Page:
Based on the diagnosis, your veterinarian will develop a personalized treatment plan. This might include a specialized diet to support heart health and medications to improve heart function. Early detection and treatment are key to managing heart disease and improving your dog's quality of life.

Why is My Senior Dog Panting? - Heart problems

Respiratory problems

While panting is common in older dogs, excessive panting can indicate an underlying respiratory issue like pneumonia. This infection, more frequent in seniors with weaker immune systems, can significantly impact their breathing.

Panting isn't the only clue. Be aware of these additional symptoms that might suggest pneumonia:

  • A persistent cough, especially one that produces mucus, can be a sign of infection.

  • A fever can accompany respiratory infections.

  • Reduced energy levels and labored breathing are cause for concern.

What to do?

If your senior dog is panting excessively, particularly when combined with other symptoms, don't hesitate to visit the veterinarian. The vet will likely perform tests like chest x-rays or blood tests to diagnose the cause of the panting.

Treatment depends on the underlying issue. For pneumonia, antibiotics are typically prescribed for several weeks to combat the infection.

It's crucial to address panting in older dogs and not dismiss it as a normal part of aging. Respiratory issues can worsen if left untreated. Early diagnosis and treatment can significantly improve your dog's quality of life.

If you're worried about a respiratory issue, our recommended article, respiratory infections in dogs, provides information on symptoms, diagnosis, and treatment.


While generally less prone to stress than cats, dogs are creatures of habit who can be fazed by disruptions. Events like vet visits, loud noises, or unfamiliar people can trigger anxiety, and one way they express this is through panting. This can be especially true for older dogs, who may be more sensitive to changes.

Before attributing panting to stress, a trip to the vet is essential. They can rule out any underlying medical conditions discussed earlier that might be causing the panting. Once health issues are addressed, if the panting persists, stress becomes a possible culprit.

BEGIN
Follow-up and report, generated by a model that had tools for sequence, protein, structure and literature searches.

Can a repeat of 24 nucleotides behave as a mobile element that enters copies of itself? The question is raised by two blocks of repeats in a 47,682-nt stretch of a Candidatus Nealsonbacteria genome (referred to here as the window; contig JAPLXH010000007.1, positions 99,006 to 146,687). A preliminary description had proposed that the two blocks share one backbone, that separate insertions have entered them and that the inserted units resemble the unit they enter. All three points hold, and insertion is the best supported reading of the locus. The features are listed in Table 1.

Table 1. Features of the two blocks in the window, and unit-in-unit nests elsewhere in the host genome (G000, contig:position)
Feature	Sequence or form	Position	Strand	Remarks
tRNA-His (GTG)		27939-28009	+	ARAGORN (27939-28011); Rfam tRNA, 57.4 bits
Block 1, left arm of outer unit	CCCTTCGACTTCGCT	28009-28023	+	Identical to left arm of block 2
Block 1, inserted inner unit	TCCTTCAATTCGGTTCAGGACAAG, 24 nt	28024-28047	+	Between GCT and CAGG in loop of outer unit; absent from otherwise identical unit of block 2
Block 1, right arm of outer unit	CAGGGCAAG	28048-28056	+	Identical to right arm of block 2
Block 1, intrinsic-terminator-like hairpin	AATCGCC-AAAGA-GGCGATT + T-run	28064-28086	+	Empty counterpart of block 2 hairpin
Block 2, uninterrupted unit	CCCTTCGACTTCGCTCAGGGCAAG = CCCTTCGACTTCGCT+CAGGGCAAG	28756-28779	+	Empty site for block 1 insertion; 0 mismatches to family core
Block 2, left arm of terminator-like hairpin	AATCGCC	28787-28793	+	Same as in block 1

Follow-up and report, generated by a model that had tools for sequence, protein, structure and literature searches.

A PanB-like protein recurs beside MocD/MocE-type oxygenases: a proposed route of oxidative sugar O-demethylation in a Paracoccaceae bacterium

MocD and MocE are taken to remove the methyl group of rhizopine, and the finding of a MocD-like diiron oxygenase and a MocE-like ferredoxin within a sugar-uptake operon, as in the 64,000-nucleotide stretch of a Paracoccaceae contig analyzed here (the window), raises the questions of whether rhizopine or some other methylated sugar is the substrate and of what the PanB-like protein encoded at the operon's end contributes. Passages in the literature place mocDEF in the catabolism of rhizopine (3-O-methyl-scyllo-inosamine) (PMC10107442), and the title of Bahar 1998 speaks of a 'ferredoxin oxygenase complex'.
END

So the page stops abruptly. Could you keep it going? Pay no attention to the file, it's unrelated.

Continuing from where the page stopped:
What to do?

The key to managing stress-induced panting is to identify what's causing the anxiety. Does your dog pant only at the vet's office? During walks in busy areas? Pay close attention to the situations that precede the panting.

Once you know the triggers, try to minimize your dog's exposure to them whenever possible. For unavoidable stressors, consult with an animal behaviorist or a veterinarian specializing in animal behavior. They can create a personalized plan to manage your dog's anxiety. This might involve establishing a predictable routine, providing a safe haven during stressful situations, and using positive reinforcement techniques to help your dog cope effectively.

If stress might be playing a role, our recommended article, 10 signs that your dog is stressed, which offers helpful tips to create a calmer atmosphere for your senior companion.


Panting in older dogs isn't always a sign of aging. Sometimes, it can be a symptom of underlying pain. One common culprit is osteoarthritis, a degenerative joint disease that can cause significant discomfort in senior pups. However, various other conditions can also trigger pain.

To understand the cause of panting, observe your dog for other signs of pain:

  • Movement issues
  • Abdominal discomfort
  • Loss of appetite

What to do?

Since treatment depends on the source of the pain, a visit to the veterinarian is crucial. Through a comprehensive examination, your vet will pinpoint the cause and recommend a suitable treatment plan. This might involve pain medication, dietary changes to manage weight and inflammation, or other therapies tailored to your dog's specific needs.


Panting is common in older dogs, but sometimes it can be a sign of a life-threatening emergency: heatstroke. This condition occurs when a dog's body temperature rises to dangerous levels due to excessive heat exposure. Senior dogs, with less efficient cooling mechanisms, are particularly at risk.

While panting is a key sign of heatstroke, be alert for other symptoms:

  • Elevated body temperature
  • Lethargy and weakness
  • Vomiting
  • Diarrhea

What to do?

Heatstroke is a veterinary emergency. If you suspect your dog is overheating, prioritize cooling them down while seeking immediate veterinary attention. Here's what you can do: